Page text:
How the retired professor and department chair continues shaping the field — and UW Medicine.
It’s a Friday afternoon, but Eugene Nester, PhD, is still in the office. Although he’s retired, the professor emeritus of microbiology comes in regularly to review grant proposals and read up for his science discussion group — everything from math to oceanography. If he’s not in his office, you might find him volunteering at the Burke Museum, learning about dinosaurs or Native American basketry in order to answer visitors’ questions. Nester’s irrepressible curiosity has always led him to explore other disciplines, a habit that has served him well throughout a long and successful career.
A lifelong love of microbiology
Nester first became interested in microbiology in his teens, partly influenced by popular books like Arrowsmith and Microbe Hunters. “They influenced a lot of people who ended up going into microbiology by pointing out just how exciting a field it was,” says Nester.
After graduating with a bachelor’s degree in microbiology from Cornell, Nester was drafted into a biological warfare unit of the U.S. Army. Before his military service, he had planned to study food microbiology at graduate school in Wisconsin, but after his discharge, he decided to study genetics and biochemistry at Case Western Reserve University instead. It was there he met his wife Martha, a future elementary school science teacher.
By the time Nester finished his postdoctoral training at Stanford, they were ready for a change of scenery, and he accepted a position with the UW School of Medicine’s Department of Microbiology. “The future looked brightest here,” says Nester. “It was a relatively new medical school with an excellent microbiology department, and I felt that I could do good science here with the collegial support that the UW and the department offered.”
Throughout his career, Nester found a supportive and creative environment that welcomed interdisciplinary collaboration and his curiosity, both of which he nurtured during his years as a professor and department chair.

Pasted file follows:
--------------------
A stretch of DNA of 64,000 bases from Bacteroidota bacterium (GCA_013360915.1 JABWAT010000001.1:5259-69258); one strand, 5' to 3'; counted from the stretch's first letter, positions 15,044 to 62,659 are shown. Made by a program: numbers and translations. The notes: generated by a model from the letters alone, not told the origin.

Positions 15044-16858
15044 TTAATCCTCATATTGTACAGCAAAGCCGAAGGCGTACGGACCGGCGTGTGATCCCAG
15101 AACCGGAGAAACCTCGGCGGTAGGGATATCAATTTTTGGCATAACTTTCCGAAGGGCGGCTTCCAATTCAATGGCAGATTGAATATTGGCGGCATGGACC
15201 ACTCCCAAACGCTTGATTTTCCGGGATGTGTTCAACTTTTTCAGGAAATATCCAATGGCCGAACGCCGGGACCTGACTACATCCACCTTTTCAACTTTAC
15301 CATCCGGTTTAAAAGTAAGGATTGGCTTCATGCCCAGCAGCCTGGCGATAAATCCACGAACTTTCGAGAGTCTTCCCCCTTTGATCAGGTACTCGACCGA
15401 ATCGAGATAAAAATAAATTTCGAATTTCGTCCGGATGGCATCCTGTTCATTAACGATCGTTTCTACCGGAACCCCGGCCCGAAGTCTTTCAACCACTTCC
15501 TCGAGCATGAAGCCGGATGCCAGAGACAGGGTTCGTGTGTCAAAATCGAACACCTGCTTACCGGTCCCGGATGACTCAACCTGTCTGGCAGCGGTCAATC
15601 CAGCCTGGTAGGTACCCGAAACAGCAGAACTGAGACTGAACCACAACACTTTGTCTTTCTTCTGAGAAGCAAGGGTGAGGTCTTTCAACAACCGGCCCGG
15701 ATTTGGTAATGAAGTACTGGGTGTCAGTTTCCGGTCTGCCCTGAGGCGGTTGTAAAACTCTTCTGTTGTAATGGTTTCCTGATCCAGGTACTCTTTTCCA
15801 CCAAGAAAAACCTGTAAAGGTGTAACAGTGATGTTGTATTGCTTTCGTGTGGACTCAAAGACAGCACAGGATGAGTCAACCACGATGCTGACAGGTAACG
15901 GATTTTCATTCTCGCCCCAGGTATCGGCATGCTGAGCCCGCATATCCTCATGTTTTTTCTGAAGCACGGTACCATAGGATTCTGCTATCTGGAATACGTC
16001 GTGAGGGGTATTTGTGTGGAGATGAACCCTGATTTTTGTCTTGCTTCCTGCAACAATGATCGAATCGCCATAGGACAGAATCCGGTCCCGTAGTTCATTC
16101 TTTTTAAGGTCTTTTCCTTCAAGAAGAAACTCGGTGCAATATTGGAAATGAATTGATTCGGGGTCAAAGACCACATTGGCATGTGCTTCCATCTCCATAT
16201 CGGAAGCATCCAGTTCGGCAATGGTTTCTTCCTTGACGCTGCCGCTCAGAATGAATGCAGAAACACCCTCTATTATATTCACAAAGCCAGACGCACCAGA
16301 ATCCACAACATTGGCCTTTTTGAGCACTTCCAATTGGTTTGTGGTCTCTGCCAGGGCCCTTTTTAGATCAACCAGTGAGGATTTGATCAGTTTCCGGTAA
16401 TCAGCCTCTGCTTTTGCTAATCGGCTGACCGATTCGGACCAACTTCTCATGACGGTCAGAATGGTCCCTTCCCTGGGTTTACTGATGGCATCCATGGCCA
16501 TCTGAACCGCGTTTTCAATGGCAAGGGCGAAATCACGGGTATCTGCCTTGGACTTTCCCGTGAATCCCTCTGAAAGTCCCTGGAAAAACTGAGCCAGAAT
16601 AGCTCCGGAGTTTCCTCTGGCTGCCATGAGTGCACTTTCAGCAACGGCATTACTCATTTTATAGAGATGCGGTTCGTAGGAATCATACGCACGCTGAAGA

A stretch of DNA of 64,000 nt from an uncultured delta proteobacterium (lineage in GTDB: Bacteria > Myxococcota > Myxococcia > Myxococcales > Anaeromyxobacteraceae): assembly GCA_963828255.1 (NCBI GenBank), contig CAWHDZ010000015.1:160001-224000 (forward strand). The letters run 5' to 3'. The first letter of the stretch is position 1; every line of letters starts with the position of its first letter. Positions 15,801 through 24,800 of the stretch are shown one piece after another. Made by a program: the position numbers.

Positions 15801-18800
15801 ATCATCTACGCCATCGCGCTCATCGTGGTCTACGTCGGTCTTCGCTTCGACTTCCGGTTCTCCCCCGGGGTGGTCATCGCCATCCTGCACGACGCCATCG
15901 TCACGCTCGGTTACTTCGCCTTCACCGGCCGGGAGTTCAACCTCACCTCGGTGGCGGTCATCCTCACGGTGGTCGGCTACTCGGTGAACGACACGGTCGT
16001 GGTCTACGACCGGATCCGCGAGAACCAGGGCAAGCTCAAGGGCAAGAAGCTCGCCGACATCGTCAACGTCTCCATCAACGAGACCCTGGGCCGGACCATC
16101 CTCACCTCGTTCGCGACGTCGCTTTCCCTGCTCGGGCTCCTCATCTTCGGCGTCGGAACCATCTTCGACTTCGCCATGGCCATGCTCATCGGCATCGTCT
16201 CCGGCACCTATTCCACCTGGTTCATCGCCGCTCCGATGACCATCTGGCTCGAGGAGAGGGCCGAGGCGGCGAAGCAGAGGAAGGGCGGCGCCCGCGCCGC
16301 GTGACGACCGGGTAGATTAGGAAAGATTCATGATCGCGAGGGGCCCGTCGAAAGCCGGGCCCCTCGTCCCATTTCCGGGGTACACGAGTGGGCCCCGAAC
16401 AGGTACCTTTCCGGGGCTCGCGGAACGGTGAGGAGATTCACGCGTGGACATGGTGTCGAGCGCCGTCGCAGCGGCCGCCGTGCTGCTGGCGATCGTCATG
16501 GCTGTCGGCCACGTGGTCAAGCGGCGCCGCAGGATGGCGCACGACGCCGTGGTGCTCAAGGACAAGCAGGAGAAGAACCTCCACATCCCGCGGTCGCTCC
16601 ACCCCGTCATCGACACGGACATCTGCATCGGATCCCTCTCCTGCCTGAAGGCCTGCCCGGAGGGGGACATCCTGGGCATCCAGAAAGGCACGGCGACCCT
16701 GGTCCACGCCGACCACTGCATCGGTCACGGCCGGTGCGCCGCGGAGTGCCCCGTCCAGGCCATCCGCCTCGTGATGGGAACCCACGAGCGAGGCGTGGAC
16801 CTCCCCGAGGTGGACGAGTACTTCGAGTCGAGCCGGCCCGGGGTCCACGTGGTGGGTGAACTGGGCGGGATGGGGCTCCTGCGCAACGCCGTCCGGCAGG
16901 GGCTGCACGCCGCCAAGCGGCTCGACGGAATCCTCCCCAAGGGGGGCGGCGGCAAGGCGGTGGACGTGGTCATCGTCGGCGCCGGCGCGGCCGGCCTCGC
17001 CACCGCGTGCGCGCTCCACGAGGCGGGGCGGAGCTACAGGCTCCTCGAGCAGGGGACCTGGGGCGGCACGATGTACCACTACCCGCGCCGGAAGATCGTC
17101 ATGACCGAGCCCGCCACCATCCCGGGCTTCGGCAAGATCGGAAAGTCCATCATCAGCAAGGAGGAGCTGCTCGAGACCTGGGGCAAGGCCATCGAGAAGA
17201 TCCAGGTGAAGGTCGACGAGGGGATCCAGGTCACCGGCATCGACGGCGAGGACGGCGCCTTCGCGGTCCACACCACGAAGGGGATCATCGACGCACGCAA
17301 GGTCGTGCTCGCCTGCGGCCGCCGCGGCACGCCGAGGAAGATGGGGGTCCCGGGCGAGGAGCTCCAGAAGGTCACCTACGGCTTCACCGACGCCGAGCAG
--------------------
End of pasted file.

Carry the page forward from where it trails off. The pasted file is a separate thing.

“Microbiology has a tremendous range of interests,” he says. “There are a lot of cross-disciplinary areas, so you have collaborations with people in biochemistry, genetics and computer science.”
A life-changing collaboration
One such partnership developed into his life’s work: the bacterium Agrobacterium.
It began when Nester’s curiosity turned to crown gall disease — specifically, how Agrobacterium caused the disease. Crown gall is caused by Agrobacterium infecting the plant, but killing the Agrobacterium doesn’t cure the disease.
“After a day or so, you could kill the Agrobacterium, but the disease would continue anyway,” says Nester. “So what is the mechanism by which it causes disease?”
Nester teamed up with biochemist Milt Gordon, PhD, and molecular geneticist Mary-Dell Chilton, PhD ’71. They discovered that Agrobacterium transferred and inserted its own DNA into the plant’s cell, becoming part of the plant’s genome. And, by adding DNA from other organisms to the transferred DNA, researchers could genetically modify the host plant.
It was the first step forward in the genetic engineering of plants. Their discovery would have an enormous impact on the ability to genetically modify plants for decades to come — both in scientific research and at the grocery store.
“The three of us combined had the expertise,” says Nester. “None of us singly could have done it, for sure. In addition, our research program was greatly enhanced by an amazing group of collegial undergraduate, graduate and post-doctoral trainees, most of whom have gone on to successful scientific careers.”
It’s that type of interdisciplinary cross-fertilization, agrees his wife, Martha, that they appreciated so much during his career and that they want to continue to encourage.
That’s why the Nesters decided to make a very special gift to the Department of Microbiology: an endowed professorship. They hope that their newly created endowment will help the department attract and retain top faculty with a commitment to cross-collaboration.
“It’s an outstanding department, and we wanted to help build on the quality that is already here,” says Nester. “Excellent faculty will attract outstanding grad students and postdocs.”
And, of course, excellent collaborations.